Two Poems

    By Aekta Khubchandani

    I’m the slowest smoker

    that I know of. I’ve watched
    a squirrel eat a groundnut from shell

    to nut, three pigeons bob their heads
    and chase patches of sun on a cobblestone

    pathway around me. I wonder if
    the sparrow flaps its wings faster than

    the speed of light. There’s a black pigeon
    —-charcoal and burnt sawdust—-

    with a teal green neck, a spotted bird with
    a yellow beak, whose name I don’t know.

    A dog stops to gawk at tulips
    and two more squirrels play

    a game of catch-and-cook. Sunlight
    is determined to draw new markings

    on the basketball court. The sycamore
    trees are so bountiful that I miss them.

    A red bird, its colours flaming
    like fresh paint on canvas,

    is stealing glimpses of me. It has feathers
    as bright as the burn of my cigarette

    and there’s light drizzle,
    the clouds taking time to empty themselves.

    My heart is an oak tree

    It’s big and branching,
    it must be a hundred
    years old. Or my heart
    is a wine barrel.
    I’ve had much to drink.
    There are flowers growing,
    facing the mud and soil.
    Blooming is a small, sad thing.
    Meanwhile, the birdsong
    is more melodious.
    Then bad things happen
    alongside good things
    like crying and breaking
    into laughter. Funny things
    happen too like I ate lemon seeds
    after reading a poem, or I saw
    a squirrel nibble on an acorn
    and imitated it. I wonder
    about vegetables, how they
    soften when they’re spoilt
    and that we cook them on low
    flame to soften them.
    These matters of the heart
    must be left to take their course,
    that is if my heart is an oak tree
    or I’ve just had much to drink.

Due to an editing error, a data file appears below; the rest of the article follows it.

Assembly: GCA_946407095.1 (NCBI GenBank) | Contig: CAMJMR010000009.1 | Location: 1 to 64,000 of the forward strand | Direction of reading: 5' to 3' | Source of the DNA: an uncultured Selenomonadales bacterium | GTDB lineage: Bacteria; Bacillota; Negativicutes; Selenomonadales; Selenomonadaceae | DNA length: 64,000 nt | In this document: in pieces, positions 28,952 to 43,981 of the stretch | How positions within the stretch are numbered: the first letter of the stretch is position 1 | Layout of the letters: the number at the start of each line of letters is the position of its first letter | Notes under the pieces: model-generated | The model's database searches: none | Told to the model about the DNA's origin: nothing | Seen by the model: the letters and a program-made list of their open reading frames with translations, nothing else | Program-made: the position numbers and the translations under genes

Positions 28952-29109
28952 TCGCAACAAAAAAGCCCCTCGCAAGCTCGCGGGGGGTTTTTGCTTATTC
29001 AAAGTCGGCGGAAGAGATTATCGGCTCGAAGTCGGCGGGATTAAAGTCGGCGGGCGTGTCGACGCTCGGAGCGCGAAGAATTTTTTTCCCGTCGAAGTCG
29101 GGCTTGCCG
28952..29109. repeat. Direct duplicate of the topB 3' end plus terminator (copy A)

Aekta Khubchandani is matriculating her dual MFA in Creative Writing (Poetry & Nonfiction) from The New School in NY. She is the founder of Poetry Plant Project, where she conducts month-long workshops. She is the winner of most recently, Epiphany?s Breakout Prize 2022 in Poetry among others. Her film, ?New Normal? won the Best Microfilm award at the Los Angeles International Film Festival. Her work is nominated for Best American Short Fiction, Best Microfiction, Best of Net (Poetry), and others. She?s working on two hybrid books.

    Subscribe to our newsletter To Recieve Updates

      The Latest
      • The Usawa Newsletter June ‘24

        There are no chairs for audience in the court room You sit on the window sill

      • Test
      • Navigating Appetites, Feminism, Loneliness, & Murder

        Butter is the first of the books by prolific Japanese writer Asako Yuzuki, to be

      • Food That Becomes Something More – Aditi Yadav Reviews The Kamogawa Food Detectives

        In his magnum opus, The Physiology of Taste, published in December 1825, just

      You May Also Like
      • Empathy: Prime Mover of Suman Keshri’s Nimitt Nahin: Review By Mridula Garg

        The epic Mahabharata has been a treasure trove for centuries for thousands of

      • To Break the Unbreakable by Tejaswinee Roychowdhury

        Hollowed and furious eyes from behind wrought-iron cage doors followed Yasmeen

      • An Everyday Affair By Gargi Binju

        It was really an everyday affair The woman who lived in apartment number 44/5

      • Crossing the Threshold and Other Poems By Lina Krishnan

        Gauri departs To Himavan’s Cloud realm Father’s heir in name & courage